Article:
It can be very painful psychologically to explore the fears and traumas that may be contributing to sexual problems around the Menopause but communication is key. Talking to a healthcare professional can make chatting about sex feel more normal and can help to initiate conversations about sex as a couple.
It can be difficult to discuss sex with a partner. How do you bring that into a conversation? We tend to second guess what a partner is thinking but the outcome of being honest about feelings around sex is often that a partner is thinking a similar thing and is open to exploring ways to improve sexual intimacy and experience.
Knowledge of sexual anatomy can be really helpful and will encourage self-exploration- knowing what works for you and being able to show your partner will improve the experience! It may be that you have to re-wire the sexual script in your relationship and explore and experiment – change in vaginal sensation or structure may mean that what led to arousal and orgasm before, now doesn’t.
Pelvic floor exercises may improve symptoms of a prolapse and heighten sexual awareness and pleasure. Many women do not feel confident in doing pelvic floor exercises- seeing a pelvic floor physio to assess your pelvic floor and give a structured programme of exercises to improve it can be helpful.
Vaginal pessaries can improve symptoms caused by a prolapse and are completely safe to keep in during sex.
Look at medications that can effect libido unfortunately many medications that we commonly give for other medical conditions can affect sex drive and arousal.
Vaginal oestrogen see section on genitourinary syndrome of the menopause which will explore treatments to improve changes that may have occurred due to low oestrogen.
Lube lube lube!!! It is common to feel aroused but still not have adequate lubrication for comfortable sex. Using a good lubricant can vastly improve sexual experience and reduce discomfort during sex. Many off the shelf lubricants contain products that irritate the vagina so beware and choose carefully!
Some lubricants will have a high concentration of chemicals/ preservatives and/or a high ph. Both can cause irritation and predispose to recurrent infections such as bacterial vaginosis and thrush.
Choose a lubricant which has a low osmolality and a ph similar to the natural ph of the vagina (3.5-4.5) by checking the ingredients and if you’re not sure then a google search will be able to give you more information about what the product contains and which of those may be irritant.
Avoid lubricants which contain parabens, glycerine and gycols, all of which can lead to a sore vagina. Be cautious with coloured or flavoured, warming or cooling lubricants also. Flavoured lubricants can be fun for oral sex but washing this off before penetrative sex is advisable. Itching and burning sensations from a lubricant are frankly a bit of a passion killer!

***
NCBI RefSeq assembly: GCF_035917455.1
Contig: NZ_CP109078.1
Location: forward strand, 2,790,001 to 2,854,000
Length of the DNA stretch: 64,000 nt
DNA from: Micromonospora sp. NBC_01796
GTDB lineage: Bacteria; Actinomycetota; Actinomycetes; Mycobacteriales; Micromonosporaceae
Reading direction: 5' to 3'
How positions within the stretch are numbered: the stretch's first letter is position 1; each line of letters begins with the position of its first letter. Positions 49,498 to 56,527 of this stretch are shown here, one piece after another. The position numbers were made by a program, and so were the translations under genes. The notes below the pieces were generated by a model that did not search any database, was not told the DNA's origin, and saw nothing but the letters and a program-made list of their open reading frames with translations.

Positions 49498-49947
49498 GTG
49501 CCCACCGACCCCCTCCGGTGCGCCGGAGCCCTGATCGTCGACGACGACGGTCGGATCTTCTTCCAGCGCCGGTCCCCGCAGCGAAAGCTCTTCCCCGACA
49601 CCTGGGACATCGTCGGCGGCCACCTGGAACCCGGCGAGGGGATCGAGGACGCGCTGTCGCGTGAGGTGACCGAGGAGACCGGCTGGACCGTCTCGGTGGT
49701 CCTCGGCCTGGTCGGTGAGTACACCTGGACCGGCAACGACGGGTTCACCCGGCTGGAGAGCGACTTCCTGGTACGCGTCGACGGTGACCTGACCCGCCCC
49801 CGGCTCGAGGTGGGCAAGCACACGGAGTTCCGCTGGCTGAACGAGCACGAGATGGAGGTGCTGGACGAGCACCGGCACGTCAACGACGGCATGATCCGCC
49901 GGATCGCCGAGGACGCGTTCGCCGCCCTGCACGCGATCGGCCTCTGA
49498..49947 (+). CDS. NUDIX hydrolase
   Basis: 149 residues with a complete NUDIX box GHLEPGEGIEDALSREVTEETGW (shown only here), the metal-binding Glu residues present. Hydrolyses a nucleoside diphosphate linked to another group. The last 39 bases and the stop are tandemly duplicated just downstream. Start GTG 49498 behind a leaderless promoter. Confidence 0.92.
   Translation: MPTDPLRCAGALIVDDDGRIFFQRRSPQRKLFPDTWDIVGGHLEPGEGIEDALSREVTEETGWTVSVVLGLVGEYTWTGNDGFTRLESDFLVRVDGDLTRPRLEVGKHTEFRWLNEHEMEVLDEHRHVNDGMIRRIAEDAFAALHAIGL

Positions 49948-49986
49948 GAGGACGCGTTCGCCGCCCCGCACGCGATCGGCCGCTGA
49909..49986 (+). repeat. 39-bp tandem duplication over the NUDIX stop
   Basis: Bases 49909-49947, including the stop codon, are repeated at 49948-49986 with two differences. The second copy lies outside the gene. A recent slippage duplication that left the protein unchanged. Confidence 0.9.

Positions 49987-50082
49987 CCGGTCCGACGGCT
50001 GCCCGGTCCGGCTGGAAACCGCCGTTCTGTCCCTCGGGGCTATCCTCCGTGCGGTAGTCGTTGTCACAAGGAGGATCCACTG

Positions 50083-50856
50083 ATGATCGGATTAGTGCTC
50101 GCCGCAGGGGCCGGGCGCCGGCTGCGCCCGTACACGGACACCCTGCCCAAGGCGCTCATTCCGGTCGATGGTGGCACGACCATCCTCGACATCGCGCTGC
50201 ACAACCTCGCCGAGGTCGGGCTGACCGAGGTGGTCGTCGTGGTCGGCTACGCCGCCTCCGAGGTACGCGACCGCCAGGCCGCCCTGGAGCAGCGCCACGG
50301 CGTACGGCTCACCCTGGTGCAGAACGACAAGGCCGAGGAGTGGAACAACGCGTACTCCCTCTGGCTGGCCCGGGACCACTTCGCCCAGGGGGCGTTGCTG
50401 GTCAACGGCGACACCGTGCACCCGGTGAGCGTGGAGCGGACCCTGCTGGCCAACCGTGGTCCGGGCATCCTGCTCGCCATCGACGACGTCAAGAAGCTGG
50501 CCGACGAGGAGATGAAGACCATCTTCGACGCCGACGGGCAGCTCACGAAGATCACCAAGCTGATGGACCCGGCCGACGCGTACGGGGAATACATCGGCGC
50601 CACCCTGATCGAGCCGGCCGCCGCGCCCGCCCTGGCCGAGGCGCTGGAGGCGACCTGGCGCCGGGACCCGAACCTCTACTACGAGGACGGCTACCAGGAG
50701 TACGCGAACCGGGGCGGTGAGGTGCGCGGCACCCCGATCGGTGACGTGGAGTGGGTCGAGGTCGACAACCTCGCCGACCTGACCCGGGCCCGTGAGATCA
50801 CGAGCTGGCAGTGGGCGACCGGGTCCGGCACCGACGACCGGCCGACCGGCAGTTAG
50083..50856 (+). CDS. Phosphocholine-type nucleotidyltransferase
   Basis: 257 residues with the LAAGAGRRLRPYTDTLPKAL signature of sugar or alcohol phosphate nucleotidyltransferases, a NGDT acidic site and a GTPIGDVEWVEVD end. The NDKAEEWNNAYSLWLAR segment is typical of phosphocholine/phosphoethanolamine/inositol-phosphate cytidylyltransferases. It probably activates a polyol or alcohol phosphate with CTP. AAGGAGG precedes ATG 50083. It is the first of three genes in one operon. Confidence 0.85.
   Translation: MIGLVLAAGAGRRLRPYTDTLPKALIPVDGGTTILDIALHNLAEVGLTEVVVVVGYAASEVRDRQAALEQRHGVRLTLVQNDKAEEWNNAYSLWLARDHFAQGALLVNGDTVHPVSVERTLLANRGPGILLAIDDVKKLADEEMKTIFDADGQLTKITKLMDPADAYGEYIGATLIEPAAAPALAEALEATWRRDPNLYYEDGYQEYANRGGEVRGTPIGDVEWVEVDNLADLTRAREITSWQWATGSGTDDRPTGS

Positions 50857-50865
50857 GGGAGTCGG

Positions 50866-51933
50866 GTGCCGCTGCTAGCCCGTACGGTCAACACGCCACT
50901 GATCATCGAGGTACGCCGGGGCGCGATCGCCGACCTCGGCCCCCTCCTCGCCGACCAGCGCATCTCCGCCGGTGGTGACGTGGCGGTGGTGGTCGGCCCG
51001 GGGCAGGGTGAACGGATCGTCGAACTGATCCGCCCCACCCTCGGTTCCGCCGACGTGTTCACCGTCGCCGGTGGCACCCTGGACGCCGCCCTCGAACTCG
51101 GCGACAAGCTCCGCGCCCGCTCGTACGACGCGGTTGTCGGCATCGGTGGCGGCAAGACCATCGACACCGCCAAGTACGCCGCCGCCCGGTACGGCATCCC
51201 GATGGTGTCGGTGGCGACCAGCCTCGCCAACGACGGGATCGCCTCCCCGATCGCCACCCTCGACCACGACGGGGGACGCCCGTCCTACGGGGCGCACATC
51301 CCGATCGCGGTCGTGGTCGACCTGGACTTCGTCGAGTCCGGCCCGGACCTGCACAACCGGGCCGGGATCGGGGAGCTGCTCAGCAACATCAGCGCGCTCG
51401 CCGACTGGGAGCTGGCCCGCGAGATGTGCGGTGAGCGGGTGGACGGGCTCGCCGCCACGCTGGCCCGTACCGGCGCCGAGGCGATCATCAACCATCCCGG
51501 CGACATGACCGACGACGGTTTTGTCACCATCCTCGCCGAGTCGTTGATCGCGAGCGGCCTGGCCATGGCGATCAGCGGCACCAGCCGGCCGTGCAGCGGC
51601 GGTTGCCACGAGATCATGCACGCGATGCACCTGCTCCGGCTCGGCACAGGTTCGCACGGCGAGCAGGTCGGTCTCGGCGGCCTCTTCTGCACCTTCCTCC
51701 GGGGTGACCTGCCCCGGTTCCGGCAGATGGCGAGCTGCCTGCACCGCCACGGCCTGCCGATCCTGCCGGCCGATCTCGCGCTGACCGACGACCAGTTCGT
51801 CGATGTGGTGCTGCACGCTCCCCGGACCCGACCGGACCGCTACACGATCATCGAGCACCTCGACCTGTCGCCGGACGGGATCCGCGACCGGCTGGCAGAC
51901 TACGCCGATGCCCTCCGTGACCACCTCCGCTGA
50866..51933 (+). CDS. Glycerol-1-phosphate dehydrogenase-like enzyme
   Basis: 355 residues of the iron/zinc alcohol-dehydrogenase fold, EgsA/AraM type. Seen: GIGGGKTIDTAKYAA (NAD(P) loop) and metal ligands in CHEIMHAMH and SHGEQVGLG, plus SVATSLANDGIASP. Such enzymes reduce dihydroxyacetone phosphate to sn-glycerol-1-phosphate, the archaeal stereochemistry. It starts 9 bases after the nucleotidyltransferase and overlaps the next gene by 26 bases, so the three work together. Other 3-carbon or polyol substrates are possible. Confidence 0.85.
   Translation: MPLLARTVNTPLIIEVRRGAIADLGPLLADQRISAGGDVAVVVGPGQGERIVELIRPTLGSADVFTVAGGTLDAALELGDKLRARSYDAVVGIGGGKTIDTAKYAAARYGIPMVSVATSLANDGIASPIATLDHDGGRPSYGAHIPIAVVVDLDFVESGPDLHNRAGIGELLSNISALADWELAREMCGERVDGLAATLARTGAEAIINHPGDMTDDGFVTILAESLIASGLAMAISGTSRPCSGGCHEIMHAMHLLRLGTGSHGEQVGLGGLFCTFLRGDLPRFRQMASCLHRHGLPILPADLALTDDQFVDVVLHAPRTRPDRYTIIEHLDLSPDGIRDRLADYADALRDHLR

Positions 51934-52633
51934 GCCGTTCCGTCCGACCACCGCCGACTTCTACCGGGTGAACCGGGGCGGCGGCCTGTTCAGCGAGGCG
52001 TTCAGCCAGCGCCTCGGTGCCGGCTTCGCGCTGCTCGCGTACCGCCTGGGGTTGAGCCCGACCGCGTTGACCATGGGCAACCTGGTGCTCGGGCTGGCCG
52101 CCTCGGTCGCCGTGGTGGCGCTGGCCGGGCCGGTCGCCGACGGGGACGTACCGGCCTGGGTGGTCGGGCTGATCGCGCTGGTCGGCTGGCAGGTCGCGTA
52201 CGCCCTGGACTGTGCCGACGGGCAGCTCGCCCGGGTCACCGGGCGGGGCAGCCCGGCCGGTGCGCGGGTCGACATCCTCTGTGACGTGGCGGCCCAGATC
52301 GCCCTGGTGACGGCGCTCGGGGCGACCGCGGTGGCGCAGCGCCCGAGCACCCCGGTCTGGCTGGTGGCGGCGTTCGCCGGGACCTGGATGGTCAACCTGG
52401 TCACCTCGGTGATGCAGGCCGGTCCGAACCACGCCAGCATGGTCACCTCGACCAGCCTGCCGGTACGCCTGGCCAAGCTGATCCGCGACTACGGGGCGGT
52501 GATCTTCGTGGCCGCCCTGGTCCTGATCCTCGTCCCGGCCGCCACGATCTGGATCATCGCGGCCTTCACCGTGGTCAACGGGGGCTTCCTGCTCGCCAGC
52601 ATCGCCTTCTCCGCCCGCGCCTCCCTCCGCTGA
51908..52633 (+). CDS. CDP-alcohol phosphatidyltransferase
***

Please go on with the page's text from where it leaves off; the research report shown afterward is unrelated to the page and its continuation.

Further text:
Sylk, YES and SUTIL Luxe are all good sexual lubricants, some of which are available on prescription. Combining oil and water based lubricants can improve glide during penetration and make sex more comfortable.
Sex toys silicone dilators inserted into the vagina can improve vaginismus and can help to gently stretch the vagina over time. Introducing vibration- either with the above for penetration into the vagina- or for external stimulation to the clitoris and vulva can improve blood flow and lubrication as well as increasing elasticity and thus reducing pain. Try making this part of a sexual experience with your partner or during self-exploration as part of masturbation?
Sexual connection and intimacy a common misconception is that sex has to mean penis in vagina which can be anxiety provoking if penetration is the cause of pain. Sexual connection and intimacy is so important and can be achieved by other sexual experiences. Trying a period of time where there is an agreement not to have penetrative sex can help remove the fear of pain that may come with the assumption that all sexual contact will end in penetration. This in turn may encourage a couple to relax, explore each other’s bodies and rekindle that sexual intimacy that may have been lost.
HRT and testosterone The right HRT can help to improve libido and testosterone can be added in for hypoactive sexual desire disorder (HSDD) if libido is still not improved by taking oestrogen. Please see the section on HRT and testosterone for more information.
Psychosexual counselling some women may benefit from a course of psychosexual counselling, particularly if past trauma is a large contributing factor to sexual difficulties.
The take home message is never be afraid to ask- it might just change your sex life! It’s never too late to sexually reconnect with your partner, whatever your age and everyone is entitled to good sex. Focus on pleasure rather than performance and remember sex is meant to be fun!